Following the latest setback for the county payments program, members of Congress seemed most concerned about doling out blame to the other party. Republicans blamed Democrats and Democrats blamed Republicans and both were right because both are at fault.

Following the latest setback for the county payments program, members of Congress seemed most concerned about doling out blame to the other party. Republicans blamed Democrats and Democrats blamed Republicans and both were right because both are at fault.

At the very time Congress was debating whether to provide a $700 billion bailout to plug the gaping financial holes created largely by the very people who would most benefit from the bailout, it was unable to come up with $2 billion to assist counties and schools across the land that have been hard hit by the loss of timber revenues. As far as we can tell, the people in those counties had nothing to do with the timber revenue losses.

The federal payments to rural counties has had more lives — and deaths — than a long-tailed cat. It has been pulled back from the brink of extinction for several years, but appears now to have hit the end of the line, at least in this Congress.

The program was intended to provide a safety net for counties and schools that had long counted on taxes from timber harvests, but now found their revenue source dried up. For Jackson County, the federal money amounted to $23 million a year and went into the county's general fund, which supports everything from sheriff's deputies to health-care workers and librarians.

Unlike the federal bailout proposal — which was rejected Monday, but is likely to be reintroduced soon — the federal government is not offering an easy out for counties. In Oregon, it is living up to the obligation it took on when it took back 2.4 million acres of private land given to the Oregon & California Railroad as part of the development of areas along the rail lines in Oregon. The railroad failed to live up to its end of the deal and deserved to lose the land, but the fact remained that more than 2 million acres went off the taxpayer rolls.

To offset that tax loss, the feds in 1937 agreed to pay out to the counties and schools a significant portion of the timber harvest receipts. More than a half-century later, when environmental concerns shut down much of the logging in Western Oregon, the counties found themselves with neither the taxable private property nor the timber receipts. And now they have no subsidy either.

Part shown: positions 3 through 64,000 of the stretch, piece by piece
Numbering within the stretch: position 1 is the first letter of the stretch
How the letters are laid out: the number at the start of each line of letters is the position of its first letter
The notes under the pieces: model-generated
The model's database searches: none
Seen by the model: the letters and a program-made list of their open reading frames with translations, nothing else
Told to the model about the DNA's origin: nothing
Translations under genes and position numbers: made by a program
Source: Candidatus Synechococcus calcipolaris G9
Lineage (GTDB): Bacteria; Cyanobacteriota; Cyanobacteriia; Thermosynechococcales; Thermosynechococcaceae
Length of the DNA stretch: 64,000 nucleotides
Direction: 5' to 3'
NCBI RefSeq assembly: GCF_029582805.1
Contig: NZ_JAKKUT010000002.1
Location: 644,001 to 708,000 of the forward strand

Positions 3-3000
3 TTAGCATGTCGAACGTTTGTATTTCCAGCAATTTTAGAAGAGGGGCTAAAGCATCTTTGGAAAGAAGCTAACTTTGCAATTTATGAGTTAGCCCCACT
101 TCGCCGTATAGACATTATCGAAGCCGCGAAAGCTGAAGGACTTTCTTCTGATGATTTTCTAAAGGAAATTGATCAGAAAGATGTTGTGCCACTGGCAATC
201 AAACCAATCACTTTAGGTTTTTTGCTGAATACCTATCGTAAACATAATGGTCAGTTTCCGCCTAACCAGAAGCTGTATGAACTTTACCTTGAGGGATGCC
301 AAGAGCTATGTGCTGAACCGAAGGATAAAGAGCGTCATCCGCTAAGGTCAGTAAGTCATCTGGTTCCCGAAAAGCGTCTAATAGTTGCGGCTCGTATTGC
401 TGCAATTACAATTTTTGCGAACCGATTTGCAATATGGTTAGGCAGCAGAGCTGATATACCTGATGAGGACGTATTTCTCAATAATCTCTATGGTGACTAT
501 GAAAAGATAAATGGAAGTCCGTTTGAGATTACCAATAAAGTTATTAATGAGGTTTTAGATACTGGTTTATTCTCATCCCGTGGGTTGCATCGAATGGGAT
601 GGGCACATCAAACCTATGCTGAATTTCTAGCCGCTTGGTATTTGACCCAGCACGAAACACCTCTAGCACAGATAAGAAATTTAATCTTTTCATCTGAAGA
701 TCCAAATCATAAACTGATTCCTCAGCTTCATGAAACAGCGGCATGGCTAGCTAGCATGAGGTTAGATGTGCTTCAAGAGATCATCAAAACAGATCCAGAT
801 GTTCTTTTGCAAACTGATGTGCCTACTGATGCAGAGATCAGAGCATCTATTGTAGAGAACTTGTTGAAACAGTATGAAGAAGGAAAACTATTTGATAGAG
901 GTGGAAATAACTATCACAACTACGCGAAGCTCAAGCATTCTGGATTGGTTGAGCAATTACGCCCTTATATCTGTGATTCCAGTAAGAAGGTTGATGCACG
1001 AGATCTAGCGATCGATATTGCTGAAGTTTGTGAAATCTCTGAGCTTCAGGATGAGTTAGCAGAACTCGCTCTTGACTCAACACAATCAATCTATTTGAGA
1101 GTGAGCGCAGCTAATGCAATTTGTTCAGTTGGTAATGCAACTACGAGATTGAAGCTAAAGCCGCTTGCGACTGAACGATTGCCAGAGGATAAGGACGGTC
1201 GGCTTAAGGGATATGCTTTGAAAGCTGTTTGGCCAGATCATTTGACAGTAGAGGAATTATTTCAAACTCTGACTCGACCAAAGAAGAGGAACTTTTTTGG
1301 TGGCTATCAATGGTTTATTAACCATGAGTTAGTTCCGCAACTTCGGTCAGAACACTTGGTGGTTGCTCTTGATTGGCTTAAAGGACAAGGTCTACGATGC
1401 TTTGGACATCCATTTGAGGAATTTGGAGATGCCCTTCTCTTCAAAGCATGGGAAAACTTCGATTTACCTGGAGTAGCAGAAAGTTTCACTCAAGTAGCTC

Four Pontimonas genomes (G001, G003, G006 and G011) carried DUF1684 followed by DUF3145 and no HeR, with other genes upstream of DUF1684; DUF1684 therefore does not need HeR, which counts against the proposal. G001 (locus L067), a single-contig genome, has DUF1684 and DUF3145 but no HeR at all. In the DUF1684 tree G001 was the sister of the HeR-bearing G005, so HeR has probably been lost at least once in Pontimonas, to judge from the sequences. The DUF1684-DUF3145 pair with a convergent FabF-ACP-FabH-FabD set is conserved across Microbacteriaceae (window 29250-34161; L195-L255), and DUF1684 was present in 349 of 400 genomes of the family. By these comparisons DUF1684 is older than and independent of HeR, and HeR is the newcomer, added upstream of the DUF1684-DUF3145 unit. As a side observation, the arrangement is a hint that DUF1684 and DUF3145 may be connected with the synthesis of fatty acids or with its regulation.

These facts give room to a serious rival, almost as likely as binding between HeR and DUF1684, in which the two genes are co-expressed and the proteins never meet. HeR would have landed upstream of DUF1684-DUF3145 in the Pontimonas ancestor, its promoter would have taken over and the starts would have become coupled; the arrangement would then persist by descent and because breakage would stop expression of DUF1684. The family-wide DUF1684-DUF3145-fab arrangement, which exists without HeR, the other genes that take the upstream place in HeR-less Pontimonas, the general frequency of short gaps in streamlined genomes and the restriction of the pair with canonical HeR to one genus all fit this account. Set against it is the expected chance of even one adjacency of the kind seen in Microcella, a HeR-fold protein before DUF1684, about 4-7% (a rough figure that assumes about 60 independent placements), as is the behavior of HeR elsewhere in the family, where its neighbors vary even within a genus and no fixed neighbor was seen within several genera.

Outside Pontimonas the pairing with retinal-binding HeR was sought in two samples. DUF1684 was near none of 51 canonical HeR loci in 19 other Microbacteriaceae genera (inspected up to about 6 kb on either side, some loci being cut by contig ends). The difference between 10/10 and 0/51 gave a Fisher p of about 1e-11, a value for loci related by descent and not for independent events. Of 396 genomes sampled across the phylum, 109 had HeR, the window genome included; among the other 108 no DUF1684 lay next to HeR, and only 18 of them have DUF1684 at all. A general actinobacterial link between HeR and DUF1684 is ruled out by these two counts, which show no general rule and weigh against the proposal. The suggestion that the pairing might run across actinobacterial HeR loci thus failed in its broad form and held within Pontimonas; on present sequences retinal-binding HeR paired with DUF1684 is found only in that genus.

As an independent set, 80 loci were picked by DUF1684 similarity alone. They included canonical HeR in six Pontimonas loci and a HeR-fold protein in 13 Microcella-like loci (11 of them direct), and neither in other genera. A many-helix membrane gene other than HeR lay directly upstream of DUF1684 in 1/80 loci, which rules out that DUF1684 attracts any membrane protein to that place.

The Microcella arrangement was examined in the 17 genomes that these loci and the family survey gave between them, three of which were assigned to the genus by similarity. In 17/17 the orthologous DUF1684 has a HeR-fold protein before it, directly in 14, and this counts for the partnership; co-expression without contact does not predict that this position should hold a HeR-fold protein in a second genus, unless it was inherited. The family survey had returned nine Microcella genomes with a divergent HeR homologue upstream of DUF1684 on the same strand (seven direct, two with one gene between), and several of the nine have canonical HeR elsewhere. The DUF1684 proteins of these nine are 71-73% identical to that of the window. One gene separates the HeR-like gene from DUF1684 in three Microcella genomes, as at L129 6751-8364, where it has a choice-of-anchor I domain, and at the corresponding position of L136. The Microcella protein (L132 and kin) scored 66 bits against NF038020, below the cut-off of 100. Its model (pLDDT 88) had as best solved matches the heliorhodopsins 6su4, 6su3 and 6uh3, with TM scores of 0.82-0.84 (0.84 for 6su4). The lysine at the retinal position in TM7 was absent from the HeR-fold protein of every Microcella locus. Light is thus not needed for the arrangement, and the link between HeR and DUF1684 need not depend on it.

Politicians from both parties were quick to point fingers: Republican Rep. Greg Walden of Oregon's 2nd District said Democratic leadership was "pushing rural counties off a cliff." Democrat Rep. Peter DeFazio of the 4th District said President Bush was "turning his back on schools, law enforcement and other vital public services in rural communities."

The truth is, neither party has been able to get the job done. The Bush administration has been hostile to the idea, but when it finally indicated it would sign a bill, the Democratic leadership removed it from play, saying the looming fiscal crisis made it unwise to set aside that kind of money. (How's this for a headline? "Pelosi to rural counties: Drop dead.")

Meanwhile, earlier this year, Walden sided with the Bush administration and against a county payment proposal that would have tapped a windfall tax break mistakenly given to oil companies years ago. (Our balancing headline: "Walden: Billions to Chevron, empty promises to rural counties.")

Assessing blame is part of the political game, especially in the months before a major election. In the days when Oregon's and the nation's elected officials were leaders first and politicians second, that game was put aside for the good of the country. That hasn't happened in the timber payments debacle and Oregon is sure to be the worse for it.